Pittsburgh’s tap water might not be safe to drink.
A recent audit by the Allegheny County Controller’s office criticizes the county’s health department for inaction in the face of high lead levels in the city’s drinking water. The report says blood-lead levels in the region are some of the highest in the country, and that health officials are downplaying concerns to residents.
The county’s health director called the report a “potentially dangerous use of public health information.”
Marc Edwards, the Virginia Tech engineer who helped discover the lead contamination in Flint, Michigan’s water, encouraged authorities to take action. “The road to Flint was paved with this nexus of complacency,” he warned. Edwards suggested that the city stop its practice of partially replacing aging water lines — and instead offer filters and better inform residents of the risks.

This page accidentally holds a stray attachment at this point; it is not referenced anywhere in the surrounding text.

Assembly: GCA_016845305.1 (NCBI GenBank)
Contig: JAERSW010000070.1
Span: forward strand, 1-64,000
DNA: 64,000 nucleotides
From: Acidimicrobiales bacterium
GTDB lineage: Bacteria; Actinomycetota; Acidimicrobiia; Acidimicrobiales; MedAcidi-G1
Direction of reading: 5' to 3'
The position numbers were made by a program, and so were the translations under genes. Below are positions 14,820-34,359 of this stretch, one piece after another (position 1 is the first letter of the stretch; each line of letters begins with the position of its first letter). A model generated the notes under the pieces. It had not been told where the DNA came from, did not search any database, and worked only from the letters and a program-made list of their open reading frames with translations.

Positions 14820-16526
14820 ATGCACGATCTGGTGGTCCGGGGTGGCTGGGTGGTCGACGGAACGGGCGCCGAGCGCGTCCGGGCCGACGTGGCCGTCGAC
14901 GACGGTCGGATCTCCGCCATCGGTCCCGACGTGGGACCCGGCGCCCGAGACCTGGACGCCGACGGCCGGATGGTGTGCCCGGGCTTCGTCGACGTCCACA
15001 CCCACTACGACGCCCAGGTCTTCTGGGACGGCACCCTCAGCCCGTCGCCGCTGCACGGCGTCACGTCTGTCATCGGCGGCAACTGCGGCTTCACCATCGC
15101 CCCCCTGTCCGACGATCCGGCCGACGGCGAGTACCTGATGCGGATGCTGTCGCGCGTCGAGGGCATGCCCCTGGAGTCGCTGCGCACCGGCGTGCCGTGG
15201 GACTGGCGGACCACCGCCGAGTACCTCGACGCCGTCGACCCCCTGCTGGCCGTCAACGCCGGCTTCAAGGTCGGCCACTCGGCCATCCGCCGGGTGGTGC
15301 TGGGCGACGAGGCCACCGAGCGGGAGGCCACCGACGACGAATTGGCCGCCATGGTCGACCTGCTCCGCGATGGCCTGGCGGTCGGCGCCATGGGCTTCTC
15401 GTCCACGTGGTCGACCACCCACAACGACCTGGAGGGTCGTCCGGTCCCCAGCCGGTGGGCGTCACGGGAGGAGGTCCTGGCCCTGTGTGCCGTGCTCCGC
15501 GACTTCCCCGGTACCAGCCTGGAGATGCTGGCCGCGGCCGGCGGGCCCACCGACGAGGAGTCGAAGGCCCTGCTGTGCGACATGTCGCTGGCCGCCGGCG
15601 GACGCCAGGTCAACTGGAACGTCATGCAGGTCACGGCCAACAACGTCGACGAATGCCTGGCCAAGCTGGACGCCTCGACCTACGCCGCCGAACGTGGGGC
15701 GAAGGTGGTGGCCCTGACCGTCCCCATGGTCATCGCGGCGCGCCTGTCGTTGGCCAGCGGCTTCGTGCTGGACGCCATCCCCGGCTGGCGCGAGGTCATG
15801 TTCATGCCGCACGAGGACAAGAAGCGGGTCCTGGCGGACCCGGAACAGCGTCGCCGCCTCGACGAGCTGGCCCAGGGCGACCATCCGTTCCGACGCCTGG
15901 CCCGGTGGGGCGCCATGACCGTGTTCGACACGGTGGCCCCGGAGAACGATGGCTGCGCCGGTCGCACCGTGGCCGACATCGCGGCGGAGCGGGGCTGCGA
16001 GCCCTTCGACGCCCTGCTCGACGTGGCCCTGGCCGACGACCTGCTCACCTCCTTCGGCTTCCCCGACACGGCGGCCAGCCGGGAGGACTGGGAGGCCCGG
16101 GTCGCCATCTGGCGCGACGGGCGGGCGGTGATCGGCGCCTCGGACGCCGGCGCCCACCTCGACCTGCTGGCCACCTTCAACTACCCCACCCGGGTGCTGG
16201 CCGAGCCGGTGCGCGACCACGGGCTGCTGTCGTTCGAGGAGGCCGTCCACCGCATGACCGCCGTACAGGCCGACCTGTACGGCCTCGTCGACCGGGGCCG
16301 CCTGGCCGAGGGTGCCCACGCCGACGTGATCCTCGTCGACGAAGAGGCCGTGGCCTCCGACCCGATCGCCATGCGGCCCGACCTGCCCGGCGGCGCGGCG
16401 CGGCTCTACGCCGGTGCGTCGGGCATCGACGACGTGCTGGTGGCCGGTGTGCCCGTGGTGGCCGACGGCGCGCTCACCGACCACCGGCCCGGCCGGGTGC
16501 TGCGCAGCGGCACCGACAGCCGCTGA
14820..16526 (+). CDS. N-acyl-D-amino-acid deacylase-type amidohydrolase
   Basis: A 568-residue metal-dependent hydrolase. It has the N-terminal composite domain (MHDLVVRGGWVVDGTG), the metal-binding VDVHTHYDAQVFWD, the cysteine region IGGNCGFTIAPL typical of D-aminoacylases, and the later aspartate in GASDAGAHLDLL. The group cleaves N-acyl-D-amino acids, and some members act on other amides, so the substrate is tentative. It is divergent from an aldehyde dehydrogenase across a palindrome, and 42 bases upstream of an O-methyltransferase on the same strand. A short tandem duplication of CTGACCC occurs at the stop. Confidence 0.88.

But on Tuesday, the city council voted to help customers of Pittsburgh Water and Sewer Authority replace private lines that run from their homes to public water mains — a proposal that could mean some residents get cleaner water more quickly than others.
“It might be easy for someone rich to be able to change their lines,” Councilmember Darlene Harris told the Pittsburgh Post-Gazette. “But it isn’t for those who are low- and moderate-income.”